China upped the ante in late May 2022, when its Foreign Minister Wang Yi tried, albeit unsuccessfully, to forge a multilateral security agreement with ten PIF members that recognise China as the rightful ‘China’ instead of Taiwan. If Beijing had succeeded in its endeavour, it would have driven a wedge in the regional organisation.
On 12 July, U.S. Vice-President Kamala Harris, in her virtual address to the PIF leaders’ meeting in Fiji, announced a slew of new American commitments, including setting up new U.S. embassies in Kiribati and Tonga, nearly tripling U.S. contributions to the Pacific Forum Fisheries Agency (to the tune of US$600 million over the next decade), appointing for the first time a U.S. Envoy to the PIF, and the return of U.S. Peace Corps volunteers, initially to Fiji, Tonga, Samoa, and Vanuatu.
What has set off alarm bells in Washington and Canberra is China’s unprecedented attempt to establish a security foothold in the Pacific islands.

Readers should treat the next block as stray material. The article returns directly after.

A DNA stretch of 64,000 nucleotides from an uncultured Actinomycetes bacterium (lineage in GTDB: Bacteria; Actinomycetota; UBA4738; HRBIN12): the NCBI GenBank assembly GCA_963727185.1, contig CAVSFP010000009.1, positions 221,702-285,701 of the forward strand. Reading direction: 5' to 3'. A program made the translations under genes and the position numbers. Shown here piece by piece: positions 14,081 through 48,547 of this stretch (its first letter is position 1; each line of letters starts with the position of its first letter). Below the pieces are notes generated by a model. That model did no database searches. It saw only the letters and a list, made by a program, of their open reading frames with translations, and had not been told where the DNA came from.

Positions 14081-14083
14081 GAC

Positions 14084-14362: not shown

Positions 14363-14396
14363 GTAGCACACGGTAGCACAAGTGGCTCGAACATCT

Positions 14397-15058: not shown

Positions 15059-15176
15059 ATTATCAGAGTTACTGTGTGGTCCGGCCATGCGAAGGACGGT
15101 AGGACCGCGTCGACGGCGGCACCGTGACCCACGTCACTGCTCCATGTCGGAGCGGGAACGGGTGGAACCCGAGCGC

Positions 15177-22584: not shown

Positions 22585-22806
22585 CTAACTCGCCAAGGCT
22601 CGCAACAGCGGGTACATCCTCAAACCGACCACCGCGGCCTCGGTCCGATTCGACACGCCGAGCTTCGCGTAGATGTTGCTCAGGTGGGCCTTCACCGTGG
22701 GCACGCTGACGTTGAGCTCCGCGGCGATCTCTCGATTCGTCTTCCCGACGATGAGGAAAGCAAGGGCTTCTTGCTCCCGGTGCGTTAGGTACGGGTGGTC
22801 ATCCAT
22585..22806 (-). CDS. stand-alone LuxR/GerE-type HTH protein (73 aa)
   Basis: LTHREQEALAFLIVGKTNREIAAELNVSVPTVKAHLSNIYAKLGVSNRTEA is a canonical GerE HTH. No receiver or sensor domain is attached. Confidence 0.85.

The U.S. will also prepare and publish its first-ever National Strategy on the Pacific Islands which will prioritise the Pacific islands in American foreign policy with a whole-of-government approach. This would probably mean more demonstrable efforts to deal with rising sea levels caused by climate change, a top concern for the Pacific islands, followed by economic development and fisheries protection.
Further, the U.S. will involve its allies and partners in a new coordination mechanism called Partners in the Blue Pacific (PBP), initially comprising the U.S., Australia, Japan, New Zealand and the United Kingdom, to support the Pacific islands and bolster Pacific regionalism.
What accounts for China’s bold steps in the Pacific? China plays a long game and these actions would have come in any case at an opportune time in the future. Their present timing may have been influenced by a sense of being thwarted by America’s moves on the Indo-Pacific chessboard like the institutionalisation of the Quad, the formation of AUKUS, the involvement of European countries in the Asian security nexus, the re-arming of Japan, and Washington’s stronger ties with Taiwan. What better countermove than an outflanking one aimed at the soft underbelly of the U.S.’s Indo-Pacific strategy?